Subject: I have found a CD that I think you would enjoy
Genres: World Music, Pop
Donald Manning, Linford Manning, and Bernard Collins raising voices in Afro-raw harmony makes for reggae intoxication at its headiest. Among the greatest of Jamaica's seminal '70s harmony trios, the Abyssinians rework the ... more »
Donald Manning, Linford Manning, and Bernard Collins raising voices in Afro-raw harmony makes for reggae intoxication at its headiest. Among the greatest of Jamaica's seminal '70s harmony trios, the Abyssinians rework the "Satta Masagana" anthem, among other songs, for this collection that also includes new tracks fueled by the same old magic. As expected, the group tailors Bible scripture and Rasta orthodoxy to soaring melodies with the tug of the familiar, but no listener could object to those exquisite "Satta" horn lines surfacing throughout the set, like a signature motif. This reunion finds the harmony group's exotic appeal intact and compelling. --Elena Oumano
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Righteous roots and rhythm
firstname.lastname@example.org | Netherlands | 02/02/2002
(4 out of 5 stars)
"The Abyssinians are one of my favorite reggae groups, being a lover of (especially roots) reggae for quite some time now. This 'reunion' of the Abyssinians (after - as I understood it - members went there own way for some years) starts with a song based on the Abyssinians' 'classic' Satta Massagana.
This album is evidently roots reggae, as the Abyssinians evidently remain a roots reggae band. Some influences of recent origin are to be found though on this album, albeit mainly in some of the instrumentation.
The songs are in general solid, and the music a groovy, rhythmic reggae. The great soulful singing voices and the falsetto background vocals, as well as the righteous lyrics add to the beauty of this record. Some songs are more groovier, or 'pumping' (or with a more prominent bass) than others. Particularly $ 19.95 + tax and Ethiopia are, to my opinion, terrificly beautiful songs, while the other songs (such as 'Smokey Joe', with a somewhat 'bluesy' feel) are also solid. To my opinion there is not really a bad song on this album.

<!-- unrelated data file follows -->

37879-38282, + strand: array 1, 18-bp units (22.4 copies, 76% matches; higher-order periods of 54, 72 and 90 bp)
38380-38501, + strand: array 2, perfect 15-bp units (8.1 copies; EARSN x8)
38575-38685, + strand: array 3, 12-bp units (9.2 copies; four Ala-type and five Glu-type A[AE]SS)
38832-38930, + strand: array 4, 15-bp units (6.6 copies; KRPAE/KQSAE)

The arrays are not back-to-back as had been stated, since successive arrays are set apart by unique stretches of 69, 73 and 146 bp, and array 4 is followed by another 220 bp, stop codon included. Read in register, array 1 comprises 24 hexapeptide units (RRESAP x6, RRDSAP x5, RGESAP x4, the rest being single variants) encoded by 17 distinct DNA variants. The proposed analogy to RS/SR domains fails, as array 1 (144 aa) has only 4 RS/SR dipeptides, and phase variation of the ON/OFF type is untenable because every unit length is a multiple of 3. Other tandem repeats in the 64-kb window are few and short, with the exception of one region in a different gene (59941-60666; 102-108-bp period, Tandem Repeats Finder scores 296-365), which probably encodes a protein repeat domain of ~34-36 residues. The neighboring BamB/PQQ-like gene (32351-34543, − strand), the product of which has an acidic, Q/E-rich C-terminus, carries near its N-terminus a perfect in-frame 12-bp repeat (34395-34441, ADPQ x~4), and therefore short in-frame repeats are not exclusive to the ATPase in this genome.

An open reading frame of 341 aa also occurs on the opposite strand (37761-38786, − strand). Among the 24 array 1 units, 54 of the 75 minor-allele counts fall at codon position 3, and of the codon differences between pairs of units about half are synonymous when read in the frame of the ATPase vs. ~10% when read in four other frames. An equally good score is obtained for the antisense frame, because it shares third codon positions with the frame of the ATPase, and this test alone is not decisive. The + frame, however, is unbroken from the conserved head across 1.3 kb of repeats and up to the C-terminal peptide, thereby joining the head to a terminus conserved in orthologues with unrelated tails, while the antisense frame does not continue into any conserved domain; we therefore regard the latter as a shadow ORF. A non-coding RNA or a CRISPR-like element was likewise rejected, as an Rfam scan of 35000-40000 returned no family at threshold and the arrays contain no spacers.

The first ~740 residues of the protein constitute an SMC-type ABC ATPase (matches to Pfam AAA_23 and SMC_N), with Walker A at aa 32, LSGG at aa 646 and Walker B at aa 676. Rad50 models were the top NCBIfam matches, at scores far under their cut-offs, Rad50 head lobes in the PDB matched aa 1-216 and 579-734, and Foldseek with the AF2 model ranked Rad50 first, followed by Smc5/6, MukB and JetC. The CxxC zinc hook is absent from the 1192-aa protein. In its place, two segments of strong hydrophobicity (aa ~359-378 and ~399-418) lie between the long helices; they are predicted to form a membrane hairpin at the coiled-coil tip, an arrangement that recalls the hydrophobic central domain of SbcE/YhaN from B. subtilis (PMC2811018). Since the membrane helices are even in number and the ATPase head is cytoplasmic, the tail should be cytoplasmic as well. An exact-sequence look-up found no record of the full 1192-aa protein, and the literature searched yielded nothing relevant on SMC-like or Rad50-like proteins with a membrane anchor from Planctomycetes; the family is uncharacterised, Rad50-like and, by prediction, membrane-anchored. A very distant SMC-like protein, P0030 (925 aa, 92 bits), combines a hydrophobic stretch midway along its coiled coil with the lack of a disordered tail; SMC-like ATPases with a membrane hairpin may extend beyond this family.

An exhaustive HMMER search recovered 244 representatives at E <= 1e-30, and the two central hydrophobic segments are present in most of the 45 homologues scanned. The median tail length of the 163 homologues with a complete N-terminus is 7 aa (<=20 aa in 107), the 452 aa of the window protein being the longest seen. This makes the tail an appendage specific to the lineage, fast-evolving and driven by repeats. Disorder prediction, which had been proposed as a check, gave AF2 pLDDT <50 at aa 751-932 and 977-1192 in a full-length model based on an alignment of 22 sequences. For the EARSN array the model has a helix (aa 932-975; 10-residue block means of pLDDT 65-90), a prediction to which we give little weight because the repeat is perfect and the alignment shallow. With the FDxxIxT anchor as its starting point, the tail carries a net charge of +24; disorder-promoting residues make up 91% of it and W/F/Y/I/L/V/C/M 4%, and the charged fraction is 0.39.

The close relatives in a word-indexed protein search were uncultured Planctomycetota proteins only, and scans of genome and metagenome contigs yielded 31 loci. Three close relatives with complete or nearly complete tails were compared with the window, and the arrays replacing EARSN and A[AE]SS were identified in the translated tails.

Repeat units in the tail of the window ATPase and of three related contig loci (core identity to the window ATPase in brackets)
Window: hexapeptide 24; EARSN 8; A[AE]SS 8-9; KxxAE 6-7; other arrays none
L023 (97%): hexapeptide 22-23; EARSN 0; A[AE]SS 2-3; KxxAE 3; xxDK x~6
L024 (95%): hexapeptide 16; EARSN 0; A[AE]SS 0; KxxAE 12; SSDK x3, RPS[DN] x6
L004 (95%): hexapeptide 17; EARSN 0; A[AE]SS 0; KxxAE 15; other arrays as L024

Differing from their earlier albums is, as already said, the partly more modern instrumentation, which may be only normal as it is released in 1998. Some changes also show in some of the songs with regard to singing, using some new vocal styles (lead vocals as well as backing vocals), but this changing and differing of singing styles is something that the Abyssinians to some degree have always done."
Give it credit on its own merits
Sean M. Kelly | Portland, Oregon United States | 09/19/2000
(4 out of 5 stars)
"I needed to listen to the Abyssinians' latest effort several times before I could decide what was bothering me about it...when I did, I realized that it was ME, and not the cd, that was bothering me so much. I had too many expectations when it came to the songs on here. I sub-consciously wanted another "Satta Massagana" album, knowing full well that the trio(happily reunited and together) that made that album is 30 years older now...After realizing the error of my thinking, I was able to re-listen to this album and enjoy it greatly. No, it is NOT "Satta Massagana," (which I highly recommend) but tracks like "Ethiopia," and "Power Over Evil" still show the trio's spiritual roots are fully intact.....A stronger social conscious has emerged from the trio, as well, as "Child Abuse" and the interesting "$19.95 plus tax" shows.Overall, the trio has aged gracefully, and while the harmonies aren't as crisp as they were many years ago, they still hold well, making for an enjoyable experience- when taken on its own merits."
Nothing like the original group with their roots music-70's.
Sean M. Kelly | 09/06/1999
(3 out of 5 stars)
"After waiting so long, I was expecting much more roots type music with the cool tones they are known for. Where did all the experience from the 60's & 70's go? The rhythms are less than Abyssinians style. Sorry, I grew up on this music and this one is not up to par."